American intelligence agencies have told the White House they now have “high confidence” that the Russian government was behind the theft of emails and documents from the Democratic National Committee, according to federal officials who have been briefed on the evidence.

But intelligence officials have cautioned that they are uncertain whether the electronic break-in at the committee’s computer systems was intended as fairly routine cyberespionage — of the kind the United States also conducts around the world — or as part of an effort to manipulate the 2016 presidential election.

Oh, well, two big caveats, then. That second paragraph is one, but the caveat I meant was the fact that these are the same intelligence agencies that claimed that the case for the existence of an active Iraqi WMD program was a “slam dunk” back in 2002 or thereabouts. When they say “high confidence,” it’s probably time to get a second opinion. In this case, though, the intel agencies are the second opinion–investigations by private security firms have already come to this same conclusion, and while I wouldn’t consider those 100% conclusive either, they strike me as more conclusive than the government’s “high confidence.”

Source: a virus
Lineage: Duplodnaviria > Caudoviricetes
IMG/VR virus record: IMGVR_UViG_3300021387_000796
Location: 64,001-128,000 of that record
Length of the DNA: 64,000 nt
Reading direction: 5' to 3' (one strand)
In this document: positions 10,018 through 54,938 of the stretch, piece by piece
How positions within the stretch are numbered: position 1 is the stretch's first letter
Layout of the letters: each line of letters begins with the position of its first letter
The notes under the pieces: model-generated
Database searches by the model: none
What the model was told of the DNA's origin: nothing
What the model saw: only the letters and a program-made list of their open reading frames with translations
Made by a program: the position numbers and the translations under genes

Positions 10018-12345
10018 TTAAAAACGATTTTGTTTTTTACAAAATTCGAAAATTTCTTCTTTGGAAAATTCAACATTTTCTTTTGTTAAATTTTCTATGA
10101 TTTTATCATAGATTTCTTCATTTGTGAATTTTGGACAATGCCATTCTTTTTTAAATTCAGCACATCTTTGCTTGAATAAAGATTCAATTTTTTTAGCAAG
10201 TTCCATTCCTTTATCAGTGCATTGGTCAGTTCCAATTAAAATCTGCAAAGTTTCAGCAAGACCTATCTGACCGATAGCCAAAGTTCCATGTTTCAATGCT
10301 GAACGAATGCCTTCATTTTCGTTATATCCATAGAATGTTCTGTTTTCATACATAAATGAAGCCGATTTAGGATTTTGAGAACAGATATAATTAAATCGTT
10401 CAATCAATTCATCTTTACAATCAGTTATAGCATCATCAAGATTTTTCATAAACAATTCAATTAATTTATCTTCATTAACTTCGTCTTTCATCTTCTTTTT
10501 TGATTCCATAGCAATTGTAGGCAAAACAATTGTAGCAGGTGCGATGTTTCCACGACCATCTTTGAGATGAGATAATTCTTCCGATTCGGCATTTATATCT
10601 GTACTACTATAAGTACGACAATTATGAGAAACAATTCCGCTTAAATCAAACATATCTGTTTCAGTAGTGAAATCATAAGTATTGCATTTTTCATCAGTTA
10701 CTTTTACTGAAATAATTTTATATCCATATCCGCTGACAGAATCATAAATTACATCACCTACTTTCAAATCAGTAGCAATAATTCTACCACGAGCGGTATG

Whether or not there’s real meat to this story, it’s clear that Donald Trump, the leak’s (witting or not) beneficiary, either doesn’t care or can’t stop himself from inflaming things:

Trump, meanwhile, speaking at a press conference in Florida, raised the stakes again, as he appeared to incite Russia to hack into and release Hillary Clinton’s emails from the personal server she used whilst she was secretary of state.

“Russia, if you’re listening, I hope you’re able to find the 30,000 e-mails that are missing,” he said.

“I think you will probably be rewarded mightily by our press. Let’s see if that happens. That will be next.”